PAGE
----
Illustration by Leona Novio

Illustration by Leona Novio

It was a news story that shocked and devastated people from all over the world. Last month, a pilot suffering from mental illness crashed a Germanwings plane into a mountainside in the south of France killing every person on board. I, along with so many others, desperately searched for a reason — a scapegoat to blame for such a horrific tragedy. As the media continued to dig deeper, one answer seemed to become clear: the man was depressed.

Just hours after the event, it was revealed that the crash was purposeful. A recording from the cockpit indicated that the pilot, Andreas Lubitz, was intentionally unresponsive to his co-pilot, ultimately redirecting the plane straight for disaster. Not only has the crash raised questions about Lufthansa’s ability to vet their employees, but it has also raised questions about the ability of people struggling with depression to operate in the workplace.

While it is important to consider monitoring Lufthansa more closely, I take issue with the way depression has been addressed throughout various media following the incident. As noted in an online article by National Public Radio this April, a violent event such as the Germanwings crash, “increases the stigma for everyone with mental illness. It also becomes more difficult for people with depression to be open about it.”

Depression is far more common than people may realize. It was found by the National Institute of Mental Health that 16 million Americans experienced at least one depressive episode in 2014. That is roughly one in 20 Americans — and while some may believe that number seems relatively low, that hardly scratches the surface of all people who are dealing with upsetting and self-deprecating thoughts on a regular basis.

On a micro level, colleges and universities have become a hotbed for depression in varying forms. In 2011, the American College Health Association–National College Health Assessment found that about 30 percent of college students reported feeling “so depressed that it was difficult to function” at some time in the past year. Depression is all around us, and unless we rethink the dialogue that our society is having about it, people will continue to suffer alone, fearing the repercussions of speaking openly about their internal struggles.

Each day, chances are high that you’ve worked with a person dealing with depression without even realizing it. They maintain jobs, receive good grades and contribute to their campus communities. As Susan Goldberg, an assistant professor at Duquesne University, puts it, “I assure you, […] you have worked with someone with a mental health condition who has simply chosen not to disclose.” For that reason, it is dangerous to start blaming the Germanwings crash on depression alone because mental illness is more complicated than that. Depression alone did not lead to the Germanwings disaster; it was orchestrated by a distressed man who lived a difficult life.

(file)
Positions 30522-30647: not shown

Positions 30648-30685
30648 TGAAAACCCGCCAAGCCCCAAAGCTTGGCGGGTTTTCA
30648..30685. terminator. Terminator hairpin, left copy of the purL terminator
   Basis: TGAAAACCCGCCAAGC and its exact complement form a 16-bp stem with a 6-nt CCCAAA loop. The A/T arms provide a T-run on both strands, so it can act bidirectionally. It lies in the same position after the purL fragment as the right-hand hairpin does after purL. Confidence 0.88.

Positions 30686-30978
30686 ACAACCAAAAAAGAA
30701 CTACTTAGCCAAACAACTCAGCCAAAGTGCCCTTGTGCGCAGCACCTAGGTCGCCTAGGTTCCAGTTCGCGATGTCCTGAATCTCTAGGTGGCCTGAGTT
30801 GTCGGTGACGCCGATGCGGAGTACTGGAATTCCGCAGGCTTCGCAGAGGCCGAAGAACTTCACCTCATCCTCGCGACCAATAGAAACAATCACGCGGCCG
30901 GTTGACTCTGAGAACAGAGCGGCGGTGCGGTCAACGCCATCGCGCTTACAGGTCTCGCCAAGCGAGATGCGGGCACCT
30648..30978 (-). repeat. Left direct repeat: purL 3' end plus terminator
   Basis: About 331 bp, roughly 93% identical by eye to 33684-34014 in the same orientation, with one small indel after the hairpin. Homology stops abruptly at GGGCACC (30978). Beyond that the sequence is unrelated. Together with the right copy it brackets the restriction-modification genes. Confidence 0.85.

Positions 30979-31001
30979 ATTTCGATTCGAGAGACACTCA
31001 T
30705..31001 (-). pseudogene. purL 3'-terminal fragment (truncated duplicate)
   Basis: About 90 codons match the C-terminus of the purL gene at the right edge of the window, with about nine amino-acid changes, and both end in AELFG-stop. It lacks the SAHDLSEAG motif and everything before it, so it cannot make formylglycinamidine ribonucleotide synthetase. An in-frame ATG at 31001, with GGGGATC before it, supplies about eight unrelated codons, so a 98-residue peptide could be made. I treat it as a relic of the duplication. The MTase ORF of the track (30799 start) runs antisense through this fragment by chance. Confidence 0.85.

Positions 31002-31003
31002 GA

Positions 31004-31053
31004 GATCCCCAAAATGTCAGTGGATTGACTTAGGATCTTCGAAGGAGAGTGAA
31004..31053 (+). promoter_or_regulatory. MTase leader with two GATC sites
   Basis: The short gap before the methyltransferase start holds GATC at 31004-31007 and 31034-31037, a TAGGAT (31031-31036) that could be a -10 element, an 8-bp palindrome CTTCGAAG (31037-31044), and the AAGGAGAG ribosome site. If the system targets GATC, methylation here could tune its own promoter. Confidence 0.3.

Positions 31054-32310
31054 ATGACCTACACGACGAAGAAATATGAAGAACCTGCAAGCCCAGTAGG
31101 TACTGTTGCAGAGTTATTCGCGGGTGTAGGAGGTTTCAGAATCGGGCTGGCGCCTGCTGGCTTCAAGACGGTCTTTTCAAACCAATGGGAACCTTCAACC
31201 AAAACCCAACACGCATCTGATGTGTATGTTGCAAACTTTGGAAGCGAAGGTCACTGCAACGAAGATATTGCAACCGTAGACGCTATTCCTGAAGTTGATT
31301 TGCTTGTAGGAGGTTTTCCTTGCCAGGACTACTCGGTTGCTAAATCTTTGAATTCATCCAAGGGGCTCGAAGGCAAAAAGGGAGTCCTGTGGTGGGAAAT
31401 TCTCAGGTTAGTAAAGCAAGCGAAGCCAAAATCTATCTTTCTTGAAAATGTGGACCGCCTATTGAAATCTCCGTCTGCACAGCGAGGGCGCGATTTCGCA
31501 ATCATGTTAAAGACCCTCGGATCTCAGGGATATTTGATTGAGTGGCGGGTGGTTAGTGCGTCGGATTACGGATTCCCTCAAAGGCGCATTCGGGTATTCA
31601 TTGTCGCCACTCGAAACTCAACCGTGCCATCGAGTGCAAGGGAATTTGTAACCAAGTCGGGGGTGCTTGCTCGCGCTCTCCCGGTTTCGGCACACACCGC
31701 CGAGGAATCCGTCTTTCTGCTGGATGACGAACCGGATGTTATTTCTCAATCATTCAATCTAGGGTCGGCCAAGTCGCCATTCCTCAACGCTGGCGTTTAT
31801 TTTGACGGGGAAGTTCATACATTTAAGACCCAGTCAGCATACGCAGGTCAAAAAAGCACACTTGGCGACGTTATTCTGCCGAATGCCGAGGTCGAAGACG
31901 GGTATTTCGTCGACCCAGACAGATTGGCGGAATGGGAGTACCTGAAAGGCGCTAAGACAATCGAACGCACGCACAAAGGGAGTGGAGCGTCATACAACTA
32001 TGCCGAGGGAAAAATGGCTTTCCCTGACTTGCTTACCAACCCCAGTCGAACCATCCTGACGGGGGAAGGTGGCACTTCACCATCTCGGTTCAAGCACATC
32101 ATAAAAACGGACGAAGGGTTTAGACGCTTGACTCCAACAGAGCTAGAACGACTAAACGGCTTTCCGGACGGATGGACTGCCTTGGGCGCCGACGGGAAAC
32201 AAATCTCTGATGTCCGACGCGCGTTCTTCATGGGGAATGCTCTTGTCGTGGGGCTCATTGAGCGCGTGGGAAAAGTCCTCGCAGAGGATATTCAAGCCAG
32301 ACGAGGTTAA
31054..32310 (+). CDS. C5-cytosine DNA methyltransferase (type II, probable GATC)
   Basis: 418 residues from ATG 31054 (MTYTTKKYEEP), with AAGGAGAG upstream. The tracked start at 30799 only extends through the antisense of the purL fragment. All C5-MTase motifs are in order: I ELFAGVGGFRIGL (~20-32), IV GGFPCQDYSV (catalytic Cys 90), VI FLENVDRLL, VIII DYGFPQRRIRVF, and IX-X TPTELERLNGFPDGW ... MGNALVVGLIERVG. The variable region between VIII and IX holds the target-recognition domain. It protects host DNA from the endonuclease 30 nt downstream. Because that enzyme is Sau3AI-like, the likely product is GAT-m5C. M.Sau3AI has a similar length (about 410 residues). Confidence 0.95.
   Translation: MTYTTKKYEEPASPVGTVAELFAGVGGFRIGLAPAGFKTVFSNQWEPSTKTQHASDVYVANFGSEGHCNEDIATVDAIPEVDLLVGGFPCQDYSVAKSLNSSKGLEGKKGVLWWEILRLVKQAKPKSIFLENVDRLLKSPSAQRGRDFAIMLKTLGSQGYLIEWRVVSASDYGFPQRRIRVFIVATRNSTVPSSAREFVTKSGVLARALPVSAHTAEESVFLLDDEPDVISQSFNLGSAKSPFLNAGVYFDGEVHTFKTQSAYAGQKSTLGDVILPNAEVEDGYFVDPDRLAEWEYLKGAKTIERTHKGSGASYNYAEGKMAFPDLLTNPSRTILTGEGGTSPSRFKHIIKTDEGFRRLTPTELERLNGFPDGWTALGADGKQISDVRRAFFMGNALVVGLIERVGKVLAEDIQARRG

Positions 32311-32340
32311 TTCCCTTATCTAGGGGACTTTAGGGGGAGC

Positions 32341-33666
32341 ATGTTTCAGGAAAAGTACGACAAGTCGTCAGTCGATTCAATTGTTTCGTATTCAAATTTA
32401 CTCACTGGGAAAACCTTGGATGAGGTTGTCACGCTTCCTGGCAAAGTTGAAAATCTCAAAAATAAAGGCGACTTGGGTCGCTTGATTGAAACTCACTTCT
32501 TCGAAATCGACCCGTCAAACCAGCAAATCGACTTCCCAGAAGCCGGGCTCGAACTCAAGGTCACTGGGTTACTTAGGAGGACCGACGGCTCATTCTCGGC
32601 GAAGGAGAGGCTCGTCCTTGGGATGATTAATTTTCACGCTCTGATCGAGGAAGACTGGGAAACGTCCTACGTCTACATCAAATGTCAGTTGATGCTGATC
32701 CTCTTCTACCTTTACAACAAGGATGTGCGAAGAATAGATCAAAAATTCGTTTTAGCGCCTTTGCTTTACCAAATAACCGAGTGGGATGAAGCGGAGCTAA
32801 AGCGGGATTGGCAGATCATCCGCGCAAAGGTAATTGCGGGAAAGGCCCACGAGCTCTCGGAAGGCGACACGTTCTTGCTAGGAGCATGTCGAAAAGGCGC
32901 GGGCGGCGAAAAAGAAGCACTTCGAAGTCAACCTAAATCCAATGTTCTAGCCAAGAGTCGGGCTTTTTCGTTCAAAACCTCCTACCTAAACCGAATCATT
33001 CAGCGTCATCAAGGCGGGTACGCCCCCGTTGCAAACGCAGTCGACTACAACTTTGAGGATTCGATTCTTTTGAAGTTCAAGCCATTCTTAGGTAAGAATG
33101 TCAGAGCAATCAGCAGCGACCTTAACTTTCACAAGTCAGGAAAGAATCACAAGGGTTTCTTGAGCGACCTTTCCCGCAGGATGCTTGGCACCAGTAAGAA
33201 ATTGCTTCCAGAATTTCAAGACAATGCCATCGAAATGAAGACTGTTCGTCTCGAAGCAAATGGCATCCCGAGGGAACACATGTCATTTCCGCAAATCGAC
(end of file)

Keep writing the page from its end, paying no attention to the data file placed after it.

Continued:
By assuming that depression was the sole reason behind Lubitz’s actions, our society is marginalizing people who may be hurting by telling them that they are incapable of working or functioning in our community. These dangerous assumptions lead depressed individuals to suppress any feelings they may be having due to a concern that they will not be trusted to maintain normal jobs and lifestyles.

Depression is complicated and may deal with a combination of internal and external factors. Consequently, depression should be treated in a way that recognizes its profound complexity. If a friend opens up to you about their struggles, it is not beneficial to simply tell them, “it’s all about a positive attitude,” or “your life is fine, so don’t be sad.” Ultimately, you can serve as an outlet for the person to express their thoughts, but chances are, you will not be trained to walk them through the right conversations.

Don’t get me wrong, sometimes a person just needs a friend to listen, and that’s great if you can serve in that role. You can be a valuable resource in being a nonjudgmental shoulder to cry on. However, when a person is showing signs of deep-rooted depression, you need to understand how delicate the situation may be. Guiding them to the right outlets for help is usually the best option. On our campus, we offer Counseling Services located in the Thompson Building for those who need help. Furthermore, our university offers a program called the Student Support Network that trains students to deal with peers who may be hurting.

If you truly want to help a depressed friend, sometimes the best thing you can do is lead them toward a trained helping hand. You cannot boil depression down to one reason or factor because it is a combination of many things. Moreover, you need to realize that depression is all around us, and the words you use matter. Do not point to depression as a singular motive behind given actions as the media has done in the case of the Germanwings crash. People with depression live normal lives, and by blaming their mental struggles as the root of horrible actions, you are only pushing them further into secrecy.

Think about what you say when discussing depression because it has a larger impact than you know. It may be difficult to spot, but depression impacts people from all walks of life. You can never be too careful when addressing mental illness. Finally, if you are struggling, get the help you need, remember that college is difficult, and you are not alone. There are people waiting to talk to you, it’s just about taking the first step.

Daniel Coffey studies journalism. He can be reached at and on Twitter @TheSagebrush.